OK, so we do know that we’d be better environmental human beings if we were walking the talk instead of driving the talk. But we’re patting ourselves on the back just a little bit anyway, as we consider our gasoline-electric hybrid cars one step forward on our long road to becoming less of a blight on the earth.
Managing editor Maren Thompson Bzdek sent the Natural Home staff into severe automobile envy last year when she began driving to work in her hot-off-the-lot Toyota Prius sedan, the world’s first mass-produced hybrid vehicle. How could we stand driving our old, gas-hog, fume-spitting jalopies when Maren’s car was averaging forty-eight miles per gallon and meeting Super Ultra Low-Emission standards—running nearly 75 percent cleaner than even the Ultra Low-Emission vehicles?
Maren soon enjoined editor-in-chief Robyn Griggs Lawrence, whose public shame was driving around in a 1991 4Runner, to sign the Clean Car Campaign’s Clean Car Pledge, vowing that when it came time to bring a new car or truck into her life, she would buy “the greenest vehicle available that meets my needs and fits my budget.” The pledge, sent electronically to automakers by the folks who sponsor the Clean Car Campaign, asks for new cars that are 50 percent more fuel efficient than other vehicles in their class, meet California’s stringent tailpipe emission standards, and are cleanly manufactured using nontoxic, recyclable materials. More than 10,000 people have already taken the pledge.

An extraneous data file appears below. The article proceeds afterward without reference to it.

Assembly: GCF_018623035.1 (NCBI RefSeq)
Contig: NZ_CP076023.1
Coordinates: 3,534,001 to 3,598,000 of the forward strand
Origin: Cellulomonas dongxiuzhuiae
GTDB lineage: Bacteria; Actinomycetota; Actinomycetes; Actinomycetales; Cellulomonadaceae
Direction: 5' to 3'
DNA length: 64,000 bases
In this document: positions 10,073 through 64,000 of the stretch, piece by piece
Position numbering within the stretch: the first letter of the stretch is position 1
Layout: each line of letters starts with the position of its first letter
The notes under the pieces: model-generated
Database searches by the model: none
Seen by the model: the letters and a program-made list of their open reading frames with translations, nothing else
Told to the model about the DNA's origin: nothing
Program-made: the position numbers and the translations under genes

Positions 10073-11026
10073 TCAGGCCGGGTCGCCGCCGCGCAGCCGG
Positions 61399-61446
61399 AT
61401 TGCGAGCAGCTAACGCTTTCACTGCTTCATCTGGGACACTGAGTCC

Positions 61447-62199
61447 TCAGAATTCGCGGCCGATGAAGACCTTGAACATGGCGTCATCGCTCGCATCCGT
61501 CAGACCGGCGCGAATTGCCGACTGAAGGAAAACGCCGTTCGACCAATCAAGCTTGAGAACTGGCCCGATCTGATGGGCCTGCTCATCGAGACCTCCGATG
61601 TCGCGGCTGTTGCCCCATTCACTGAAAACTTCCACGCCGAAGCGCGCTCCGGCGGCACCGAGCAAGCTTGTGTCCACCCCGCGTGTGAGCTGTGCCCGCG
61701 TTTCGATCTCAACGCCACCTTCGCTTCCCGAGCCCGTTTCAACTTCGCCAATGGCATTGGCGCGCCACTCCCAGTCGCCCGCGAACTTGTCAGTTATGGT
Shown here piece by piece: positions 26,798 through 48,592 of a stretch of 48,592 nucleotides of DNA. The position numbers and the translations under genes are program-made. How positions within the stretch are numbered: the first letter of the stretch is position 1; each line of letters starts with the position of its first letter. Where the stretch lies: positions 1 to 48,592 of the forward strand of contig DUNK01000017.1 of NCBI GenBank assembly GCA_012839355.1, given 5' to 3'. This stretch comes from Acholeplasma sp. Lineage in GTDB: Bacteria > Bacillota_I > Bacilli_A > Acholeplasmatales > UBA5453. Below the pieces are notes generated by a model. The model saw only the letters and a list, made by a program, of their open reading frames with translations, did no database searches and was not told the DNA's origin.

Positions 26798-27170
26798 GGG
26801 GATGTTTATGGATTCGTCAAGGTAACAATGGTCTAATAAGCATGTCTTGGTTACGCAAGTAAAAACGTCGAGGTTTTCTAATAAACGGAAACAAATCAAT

When Honda announced its 2003 Civic Hybrid, which averages forty-nine miles per gallon and meets the ultra-low emitting tailpipe standard, Robyn was finally able to live up to her pledge.
For more information, or to take the Clean Car Pledge, visit www.cleancarcampaign.org.
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